Kicker Country Stampede was forced to relocate the 2019 music festival to Heartland Park in Topeka due to recent flooding at Tuttle Creek Reservoir. What Manhattan, local businesses, and community members didn’t foresee was that the festival will stay there too.
The Kansas Dept. of Wildlife, Parks, and Tourism announced today that it has agreed to terminate its four-year contract for use of Tuttle Creek Park with Country Stampede.
Not long after, festival officials and the City of Topeka announced a new name change of Heartland Stampede and a new three-year contract. Country Stampede has been held in Manhattan for the past 23 years and is said by the Manhattan Chamber of Commerce to bring approximately $8-$10 million dollars annually through sales and taxes.
KDWPT will refund $81,500 Country Stampede, LLC for previous payments of the 2019 festival.
Manhattan Convention & Visitors Bureau’s Karen Hibbard said, “when Stampede comes to town our hotels benefit from that – our liquor stores, our grocery stores, retail stores as they sell camping supplies,” Hibbard explained. “So again an overall $8 million impact [moving] to another community… it’s a significant impact for Manhattan, Kansas.”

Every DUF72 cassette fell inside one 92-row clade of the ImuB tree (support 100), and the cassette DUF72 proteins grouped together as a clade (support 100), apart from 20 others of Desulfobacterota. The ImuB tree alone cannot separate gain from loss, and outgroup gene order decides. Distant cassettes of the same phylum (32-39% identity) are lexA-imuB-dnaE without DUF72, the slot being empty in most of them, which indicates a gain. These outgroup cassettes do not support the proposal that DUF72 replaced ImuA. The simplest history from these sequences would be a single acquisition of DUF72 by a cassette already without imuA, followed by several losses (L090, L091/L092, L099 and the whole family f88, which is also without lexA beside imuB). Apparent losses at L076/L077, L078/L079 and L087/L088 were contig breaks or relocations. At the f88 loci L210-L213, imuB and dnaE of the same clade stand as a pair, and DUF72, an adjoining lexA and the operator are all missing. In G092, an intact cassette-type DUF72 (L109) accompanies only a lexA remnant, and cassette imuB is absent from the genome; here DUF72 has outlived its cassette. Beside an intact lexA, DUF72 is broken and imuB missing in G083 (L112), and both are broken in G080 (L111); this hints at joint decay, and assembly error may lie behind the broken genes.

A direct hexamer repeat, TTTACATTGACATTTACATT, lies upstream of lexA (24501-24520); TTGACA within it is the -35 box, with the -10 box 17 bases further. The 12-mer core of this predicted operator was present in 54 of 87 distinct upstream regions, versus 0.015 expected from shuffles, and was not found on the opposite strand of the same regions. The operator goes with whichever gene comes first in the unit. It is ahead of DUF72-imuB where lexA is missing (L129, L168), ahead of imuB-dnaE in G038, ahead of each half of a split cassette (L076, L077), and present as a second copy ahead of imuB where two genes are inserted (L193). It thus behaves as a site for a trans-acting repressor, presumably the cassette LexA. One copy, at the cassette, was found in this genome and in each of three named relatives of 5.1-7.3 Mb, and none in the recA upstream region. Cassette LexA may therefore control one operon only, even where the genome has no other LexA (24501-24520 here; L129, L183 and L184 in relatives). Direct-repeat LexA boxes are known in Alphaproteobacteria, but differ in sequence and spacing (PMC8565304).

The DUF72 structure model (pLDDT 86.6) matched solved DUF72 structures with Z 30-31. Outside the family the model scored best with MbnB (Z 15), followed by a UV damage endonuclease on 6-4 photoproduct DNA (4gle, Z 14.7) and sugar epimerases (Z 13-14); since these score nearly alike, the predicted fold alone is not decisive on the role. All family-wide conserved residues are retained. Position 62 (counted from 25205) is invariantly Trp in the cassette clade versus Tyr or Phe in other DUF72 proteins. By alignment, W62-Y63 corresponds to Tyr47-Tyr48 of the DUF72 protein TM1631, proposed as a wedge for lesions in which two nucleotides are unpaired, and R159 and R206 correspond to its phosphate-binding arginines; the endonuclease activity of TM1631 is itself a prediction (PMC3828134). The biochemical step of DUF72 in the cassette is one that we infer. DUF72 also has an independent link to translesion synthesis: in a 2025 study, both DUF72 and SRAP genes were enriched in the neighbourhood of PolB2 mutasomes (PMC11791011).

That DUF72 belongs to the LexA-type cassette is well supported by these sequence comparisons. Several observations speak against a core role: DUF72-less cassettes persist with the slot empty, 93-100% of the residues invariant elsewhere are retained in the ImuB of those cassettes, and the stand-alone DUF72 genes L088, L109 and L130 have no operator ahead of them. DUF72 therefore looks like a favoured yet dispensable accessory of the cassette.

In a media release from the Manhattan Area Chamber of Commerce, CEO Jason Smith and Karen Hibbard said, “we are obviously very disappointed to hear that Manhattan’s 24-year relationship with Country Stampede is ending. We are pleased to have been a big part of Country Stampede’s success and growth. We believe the hundreds of thousands of people who attended Country Stampede in Manhattan throughout the years have enjoyed our hospitality and our community.”
“The owners of Country Stampede have made it clear that this decision is not a reflection on the City of Manhattan or Tuttle Creek State Park. Our understanding is that Stampede officials needed to attract a new capital partner to continue to grow and expand the festival in the future. For local country music fans, the good news is they found a partner that will keep the festival in northeast Kansas. Unfortunately for Manhattan, that new partnership means the festival will have a new home near Topeka. Manhattan and Tuttle Creek State Park have an excellent track record of hosting a nationally acclaimed music festival for more than two decades. This announcement does absolutely nothing to change that.”
“Manhattan is a great spot to host meetings, events